Peter Lieberson, Composer Inspired by Buddhism, Dies at 64

Peter Lieberson, a searching, inventive American composer whose works were often inspired by his Tibetan Buddhist practice, died on Saturday morning in Tel Aviv, where he had gone for medical treatment. He was 64 and lived in Santa Fe, N.M.

Mr. Lieberson was an eloquent voice in the generation of composers seeking to infuse the thorny rigors of academic music with a more accessible, lyrical sound. Reviewing a 2008 concert of Mr. Lieberson’s works in The New York Times, Allan Kozinn praised his “cohesive, energetic and intensely communicative style, with brainy, atonal surfaces that attest to his post-tonal pedigree and a current of lyricism and drama that gives this music its warmth and passion.”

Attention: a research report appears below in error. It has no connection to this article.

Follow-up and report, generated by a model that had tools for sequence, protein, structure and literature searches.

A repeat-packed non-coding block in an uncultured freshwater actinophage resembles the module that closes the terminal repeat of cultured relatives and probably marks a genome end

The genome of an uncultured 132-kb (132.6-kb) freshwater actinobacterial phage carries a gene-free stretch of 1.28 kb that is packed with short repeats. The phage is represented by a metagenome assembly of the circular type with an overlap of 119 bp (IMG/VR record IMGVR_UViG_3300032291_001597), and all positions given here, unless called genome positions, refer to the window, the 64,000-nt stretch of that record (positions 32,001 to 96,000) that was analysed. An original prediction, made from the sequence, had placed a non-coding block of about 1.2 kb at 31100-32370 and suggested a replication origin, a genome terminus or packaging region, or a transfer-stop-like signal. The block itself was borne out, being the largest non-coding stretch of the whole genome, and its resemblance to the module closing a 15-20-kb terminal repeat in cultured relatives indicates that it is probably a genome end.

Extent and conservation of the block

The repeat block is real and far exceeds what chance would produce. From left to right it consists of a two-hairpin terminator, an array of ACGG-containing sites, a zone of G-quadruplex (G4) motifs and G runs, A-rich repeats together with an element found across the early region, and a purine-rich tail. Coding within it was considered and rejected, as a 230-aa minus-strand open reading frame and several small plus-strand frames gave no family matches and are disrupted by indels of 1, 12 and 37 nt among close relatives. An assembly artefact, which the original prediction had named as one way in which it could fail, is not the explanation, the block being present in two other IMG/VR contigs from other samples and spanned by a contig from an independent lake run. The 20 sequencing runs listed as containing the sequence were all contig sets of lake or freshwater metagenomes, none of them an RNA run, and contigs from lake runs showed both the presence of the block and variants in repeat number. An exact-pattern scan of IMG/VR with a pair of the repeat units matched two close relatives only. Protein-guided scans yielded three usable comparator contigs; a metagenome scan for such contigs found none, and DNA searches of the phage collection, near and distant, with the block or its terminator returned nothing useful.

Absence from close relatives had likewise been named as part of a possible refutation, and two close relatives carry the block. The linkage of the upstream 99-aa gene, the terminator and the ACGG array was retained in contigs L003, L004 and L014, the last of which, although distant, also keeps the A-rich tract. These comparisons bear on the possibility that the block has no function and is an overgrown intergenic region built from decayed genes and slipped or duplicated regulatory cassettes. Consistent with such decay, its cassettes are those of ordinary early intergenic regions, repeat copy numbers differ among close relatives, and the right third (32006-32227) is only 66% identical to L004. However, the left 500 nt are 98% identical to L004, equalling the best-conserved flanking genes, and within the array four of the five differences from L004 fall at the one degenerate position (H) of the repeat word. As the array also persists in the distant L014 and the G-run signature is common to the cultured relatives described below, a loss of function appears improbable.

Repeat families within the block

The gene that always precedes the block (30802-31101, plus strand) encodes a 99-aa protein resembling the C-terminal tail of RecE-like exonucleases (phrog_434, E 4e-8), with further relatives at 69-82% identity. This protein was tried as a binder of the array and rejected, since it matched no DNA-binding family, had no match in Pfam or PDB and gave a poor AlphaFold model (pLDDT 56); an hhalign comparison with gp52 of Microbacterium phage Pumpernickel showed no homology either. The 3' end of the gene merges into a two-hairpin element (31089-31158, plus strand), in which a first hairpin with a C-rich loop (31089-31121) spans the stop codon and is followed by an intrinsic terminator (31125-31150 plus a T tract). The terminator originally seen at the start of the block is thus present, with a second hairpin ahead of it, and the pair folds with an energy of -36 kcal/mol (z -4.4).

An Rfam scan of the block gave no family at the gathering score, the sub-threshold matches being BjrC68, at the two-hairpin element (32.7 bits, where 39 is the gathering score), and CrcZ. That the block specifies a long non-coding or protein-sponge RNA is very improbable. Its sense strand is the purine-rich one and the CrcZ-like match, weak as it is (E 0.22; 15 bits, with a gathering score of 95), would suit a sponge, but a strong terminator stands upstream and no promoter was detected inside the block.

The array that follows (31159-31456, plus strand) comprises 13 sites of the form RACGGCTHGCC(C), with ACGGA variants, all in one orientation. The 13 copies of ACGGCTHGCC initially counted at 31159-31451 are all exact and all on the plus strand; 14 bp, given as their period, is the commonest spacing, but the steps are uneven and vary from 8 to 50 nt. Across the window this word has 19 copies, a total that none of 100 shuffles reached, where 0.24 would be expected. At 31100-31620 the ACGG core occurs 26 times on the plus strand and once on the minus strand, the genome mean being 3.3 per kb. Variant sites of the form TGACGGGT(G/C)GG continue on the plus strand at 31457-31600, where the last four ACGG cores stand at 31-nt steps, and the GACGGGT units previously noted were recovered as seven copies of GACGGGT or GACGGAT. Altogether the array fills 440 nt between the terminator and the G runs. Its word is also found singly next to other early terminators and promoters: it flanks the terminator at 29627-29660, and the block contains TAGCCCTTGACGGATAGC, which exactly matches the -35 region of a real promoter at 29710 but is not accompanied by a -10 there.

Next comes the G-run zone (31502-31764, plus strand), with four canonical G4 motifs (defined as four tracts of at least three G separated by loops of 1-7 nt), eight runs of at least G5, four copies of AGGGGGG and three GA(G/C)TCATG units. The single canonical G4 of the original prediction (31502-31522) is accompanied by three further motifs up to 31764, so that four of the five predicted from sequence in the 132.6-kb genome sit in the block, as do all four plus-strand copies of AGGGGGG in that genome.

While at Columbia, he began to practice Tibetan Vajrayana Buddhism, and in 1976, he moved to Boulder, Colo., to continue his studies with the Buddhist master Chogyam Trungpa Rinpoche. There, Mr. Lieberson met and married Ellen Kearney, another of Trungpa Rinpoche’s students; together, they moved to Boston to direct Shambhala Training, a meditation and cultural program. Mr. Lieberson received a Ph.D. from Brandeis University and taught composition at Harvard University from 1984 to 1988.

Mr. Lieberson served for several years as international director of Shambhala Training in Halifax, Nova Scotia, where he and his family moved in 1988. After 1994, Mr. Lieberson devoted all his time to composition, but his Buddhist practice remained a central theme in his work. His first opera, “Ashoka’s Dream,” was based on the life of an emperor of India in the third century B.C. who renounced violence after converting to Buddhism.

Read more…

5/6 – Fukačová plays Lieberson – The Six Realms: The Human Realm

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One Comment to “Peter Lieberson, Composer Inspired by Buddhism, Dies at 64”

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